A simple and extraordinary passage from Jesse Livermore’s 1940 text, How To Trade Stocks:
“Many years ago I heard of a remarkably successful speculator who lived in the California mountains and received quotations three days old. Two or three times a year he would call his San Francisco broker and begin writing out orders to buy or sell, depending on his market position. A friend of mine, who spent time in the broker’s office, became curious and made inquiries. His astonishment mounted when he learned of the man’s extreme detachment from market facilities, his rare visits, and on occasions, his tremendous volume of trade. Finally he was introduced, and in the course of conversation inquired of this man from the mountains how he could keep track of the stock market at such an isolated price.
‘Well,’ he replied,’ I make speculations a business. I would be a failure if I were in the confusion of things and let myself be distracted by minor changes. I like to be away where I can think. You see, I keep a record of what has happened, after it has happened, and it gives me a rather clear picture of what markets are doing. Real movements do not end the day they start. It takes time to complete the end of a genuine movement. By being up in the mountains I am in a position to give these movements all the time they need. But a day comes when I get some prices out of the paper and put them down in my records. I notice the prices I record are not conforming to the same pattern of movements that has been apparent for some time. Right then I make up my mind. I go to town and get busy.”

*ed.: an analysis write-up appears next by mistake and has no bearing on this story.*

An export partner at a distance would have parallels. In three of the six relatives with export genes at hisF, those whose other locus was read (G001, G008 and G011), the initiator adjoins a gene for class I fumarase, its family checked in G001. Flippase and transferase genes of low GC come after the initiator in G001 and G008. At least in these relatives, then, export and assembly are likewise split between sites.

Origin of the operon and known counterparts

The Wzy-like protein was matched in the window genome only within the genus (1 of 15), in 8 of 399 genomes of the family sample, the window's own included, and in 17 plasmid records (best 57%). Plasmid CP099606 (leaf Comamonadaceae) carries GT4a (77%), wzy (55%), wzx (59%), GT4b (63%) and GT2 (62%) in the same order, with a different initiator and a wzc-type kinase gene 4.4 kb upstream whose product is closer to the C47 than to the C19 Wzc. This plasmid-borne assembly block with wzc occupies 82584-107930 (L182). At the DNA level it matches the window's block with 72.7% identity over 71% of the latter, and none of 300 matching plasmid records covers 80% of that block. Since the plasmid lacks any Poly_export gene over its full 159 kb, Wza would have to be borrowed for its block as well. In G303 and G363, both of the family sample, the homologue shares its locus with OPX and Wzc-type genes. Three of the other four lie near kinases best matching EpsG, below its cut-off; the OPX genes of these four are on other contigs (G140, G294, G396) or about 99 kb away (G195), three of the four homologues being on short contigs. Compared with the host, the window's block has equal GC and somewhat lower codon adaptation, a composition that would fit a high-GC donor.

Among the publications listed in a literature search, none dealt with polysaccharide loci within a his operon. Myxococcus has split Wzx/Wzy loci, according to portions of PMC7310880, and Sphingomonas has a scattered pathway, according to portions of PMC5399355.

That happened many years ago. Consistently, the man from the mountains, over a long period of time, drew funds abundantly from the stock market.He was something of an inspiration to me.